Nigeria : Government should incentivise renewable energy adoption

  • 21 April 2022 / News / 62 / Fares RAHAHLIA


Nigeria : Government should incentivise renewable energy adoption

If the government can budget N4 trillion (about $9 billion) for petrol subsidy, it should be able to afford incentives to improve energy access and promote the development of renewable energy.

This was the position of the Chief Executive Officer of the Centre for the Promotion of Private Enterprise (CPPE), Dr. Muda Yusuf while addressing the upsides and downsides of the 2022 fiscal policy measures.

According to him, fiscal policy measures should be aligned with the global trend on decarbonisation to promote better access to renewable energy.

With many firms incurring huge production costs as a result of high energy prices, he proposed zero import duty on solar panels, inverters, solar batteries, zero import duty on all renewable energy equipment and installations, zero VAT on renewable energy equipment, including batteries and tax holidays for renewable energy companies in the country.

He explained that already, industrialists are currently contending with high energy costs as diesel has gone up by over 400 per cent, public power supply has become increasingly unreliable and there is a slump in consumer purchasing power, which is affecting aggregate demand.

He noted that with the amount spent on fuel subsidies yearly, the potential benefits to the economy and the environment far outweigh the revenue loss from these concessions.

He further appreciated the role of traders and middlemen in the international trade process, especially from an inclusion perspective, adding that not all small and medium enterprises (SMEs) have the capacity to directly import their raw materials, machinery, equipment or other inputs on their own.

He said: “It is the traders and middlemen that help to fill this gap in the economy. It is therefore discriminatory and unfair to exclude middlemen and traders from the importation of raw materials, equipment, spare parts or machinery which may be required by some small-scale industrialists who do not have the capacity to import these items on their own.

“This policy position should be reviewed for the sake of economic inclusion and without prejudice to regulatory measures to ensure standards and quality.

“Therefore, in the spirit of inclusiveness, traders and middlemen should be allowed to also import some of these items for onward sales in smaller quantities to small-scale industrialists.”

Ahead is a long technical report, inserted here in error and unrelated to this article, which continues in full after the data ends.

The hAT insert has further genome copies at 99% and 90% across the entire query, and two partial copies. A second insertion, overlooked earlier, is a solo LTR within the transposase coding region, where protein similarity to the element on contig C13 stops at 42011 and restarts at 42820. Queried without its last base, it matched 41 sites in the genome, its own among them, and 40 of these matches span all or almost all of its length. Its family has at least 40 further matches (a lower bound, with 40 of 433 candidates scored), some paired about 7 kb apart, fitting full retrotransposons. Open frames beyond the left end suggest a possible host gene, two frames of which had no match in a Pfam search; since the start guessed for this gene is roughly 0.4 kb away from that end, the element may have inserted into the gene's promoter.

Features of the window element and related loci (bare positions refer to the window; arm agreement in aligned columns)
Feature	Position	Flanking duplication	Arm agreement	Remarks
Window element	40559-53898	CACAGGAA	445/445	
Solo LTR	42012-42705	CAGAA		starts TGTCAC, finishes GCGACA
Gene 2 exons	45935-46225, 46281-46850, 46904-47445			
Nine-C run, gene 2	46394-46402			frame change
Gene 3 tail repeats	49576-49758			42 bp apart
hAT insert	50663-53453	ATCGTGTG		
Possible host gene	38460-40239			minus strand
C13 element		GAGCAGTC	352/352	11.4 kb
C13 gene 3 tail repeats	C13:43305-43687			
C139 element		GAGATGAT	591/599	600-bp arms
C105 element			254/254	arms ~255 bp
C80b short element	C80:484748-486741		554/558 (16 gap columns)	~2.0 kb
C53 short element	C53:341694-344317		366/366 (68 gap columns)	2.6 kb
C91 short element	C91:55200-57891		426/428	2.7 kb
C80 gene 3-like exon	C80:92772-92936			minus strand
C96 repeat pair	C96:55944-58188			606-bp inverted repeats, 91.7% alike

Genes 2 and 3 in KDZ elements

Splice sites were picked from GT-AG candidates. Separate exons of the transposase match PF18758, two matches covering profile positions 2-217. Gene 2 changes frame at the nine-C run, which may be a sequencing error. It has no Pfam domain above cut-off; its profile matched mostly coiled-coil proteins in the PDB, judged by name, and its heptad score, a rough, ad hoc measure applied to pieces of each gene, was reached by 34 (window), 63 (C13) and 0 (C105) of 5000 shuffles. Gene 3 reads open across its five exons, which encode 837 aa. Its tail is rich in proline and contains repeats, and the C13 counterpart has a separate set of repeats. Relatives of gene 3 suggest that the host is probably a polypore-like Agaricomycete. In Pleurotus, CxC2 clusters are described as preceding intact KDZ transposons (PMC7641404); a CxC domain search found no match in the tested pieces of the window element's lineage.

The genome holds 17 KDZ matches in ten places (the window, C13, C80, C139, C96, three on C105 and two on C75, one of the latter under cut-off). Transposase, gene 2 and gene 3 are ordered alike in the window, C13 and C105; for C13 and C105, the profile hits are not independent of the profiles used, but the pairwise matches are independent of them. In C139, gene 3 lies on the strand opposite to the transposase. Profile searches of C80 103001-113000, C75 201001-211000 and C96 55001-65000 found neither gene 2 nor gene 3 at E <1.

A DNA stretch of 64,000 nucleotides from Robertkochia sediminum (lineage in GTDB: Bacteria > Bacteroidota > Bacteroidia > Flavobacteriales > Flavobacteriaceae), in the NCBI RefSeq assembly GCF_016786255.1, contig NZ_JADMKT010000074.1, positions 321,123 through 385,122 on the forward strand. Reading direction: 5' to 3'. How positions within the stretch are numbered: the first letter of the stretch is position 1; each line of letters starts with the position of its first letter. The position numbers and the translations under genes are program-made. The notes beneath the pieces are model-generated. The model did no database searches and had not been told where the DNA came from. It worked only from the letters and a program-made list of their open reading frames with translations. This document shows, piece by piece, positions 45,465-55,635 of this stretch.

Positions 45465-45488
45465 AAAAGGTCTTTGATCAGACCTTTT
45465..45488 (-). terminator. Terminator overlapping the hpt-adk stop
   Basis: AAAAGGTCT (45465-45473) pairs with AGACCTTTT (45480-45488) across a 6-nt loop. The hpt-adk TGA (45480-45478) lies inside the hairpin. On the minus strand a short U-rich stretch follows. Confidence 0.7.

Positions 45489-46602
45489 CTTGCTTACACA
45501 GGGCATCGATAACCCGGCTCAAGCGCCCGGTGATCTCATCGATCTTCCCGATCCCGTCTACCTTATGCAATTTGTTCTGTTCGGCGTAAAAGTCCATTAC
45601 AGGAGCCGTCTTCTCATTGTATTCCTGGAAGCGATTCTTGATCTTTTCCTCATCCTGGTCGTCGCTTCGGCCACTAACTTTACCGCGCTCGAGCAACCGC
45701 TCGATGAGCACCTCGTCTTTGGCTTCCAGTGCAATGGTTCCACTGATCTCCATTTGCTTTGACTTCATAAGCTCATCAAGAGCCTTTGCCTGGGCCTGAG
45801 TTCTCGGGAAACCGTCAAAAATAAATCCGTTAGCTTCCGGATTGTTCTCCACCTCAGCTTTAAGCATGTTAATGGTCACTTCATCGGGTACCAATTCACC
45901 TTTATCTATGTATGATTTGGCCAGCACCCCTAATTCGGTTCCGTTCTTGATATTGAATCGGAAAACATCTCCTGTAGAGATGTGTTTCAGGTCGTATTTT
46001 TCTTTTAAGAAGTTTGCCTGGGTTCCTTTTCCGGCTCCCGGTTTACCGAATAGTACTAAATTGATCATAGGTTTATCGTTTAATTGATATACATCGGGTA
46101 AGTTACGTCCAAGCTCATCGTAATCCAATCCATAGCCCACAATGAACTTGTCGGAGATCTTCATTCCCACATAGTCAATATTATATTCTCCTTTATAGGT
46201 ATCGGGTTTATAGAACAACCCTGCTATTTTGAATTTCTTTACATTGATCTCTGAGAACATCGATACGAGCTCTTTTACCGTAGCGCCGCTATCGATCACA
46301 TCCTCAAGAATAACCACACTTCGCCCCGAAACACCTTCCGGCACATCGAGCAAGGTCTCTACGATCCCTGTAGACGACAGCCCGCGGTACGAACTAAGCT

While appreciating the intent and objective of the fiscal policy, the CPPE recommended that the fiscal policy measures should be released alongside the Finance Act and the Appropriation Act in order to facilitate planning, reduce uncertainty, minimize investment risk and boost investors’ confidence.

The CPPE also commended the grace period of ninety days that was provided for the implementation of the tariff component of fiscal policy, adding that the transition window will minimize the shocks of fiscal policy changes on investors.

“The CPPE is concerned about the red tape inherent in getting approvals from the Federal Ministry of Finance for the importation of items with concessionary import duty. We would like to see the removal of these bottlenecks. While appreciating the essence of the National list, we would like to propose that access to fiscal incentives should be devoid of bottlenecks and bureaucracy.”

“The experience of importers and the business community with seeking approvals from the Ministries before the fiscal incentives can be enjoyed is often fraught with frustrating bureaucracy, bottlenecks, delays and sometimes extortion.

“We therefore recommend that once the Fiscal Policy document has been approved by the government, the Nigeria Customs Service should be left to fully implement these policies without further recourse to the Ministry for additional approvals.

“We believe that the Customs is competent enough to interpret the Fiscal Policy and determine eligibility for fiscal incentives. The idea of seeking approval and exemption certificates from the Ministry of Finance or any other Ministry is not consistent with the spirit of the Ease of Doing Business and should therefore be discontinued”, he added.


source: guardian.ng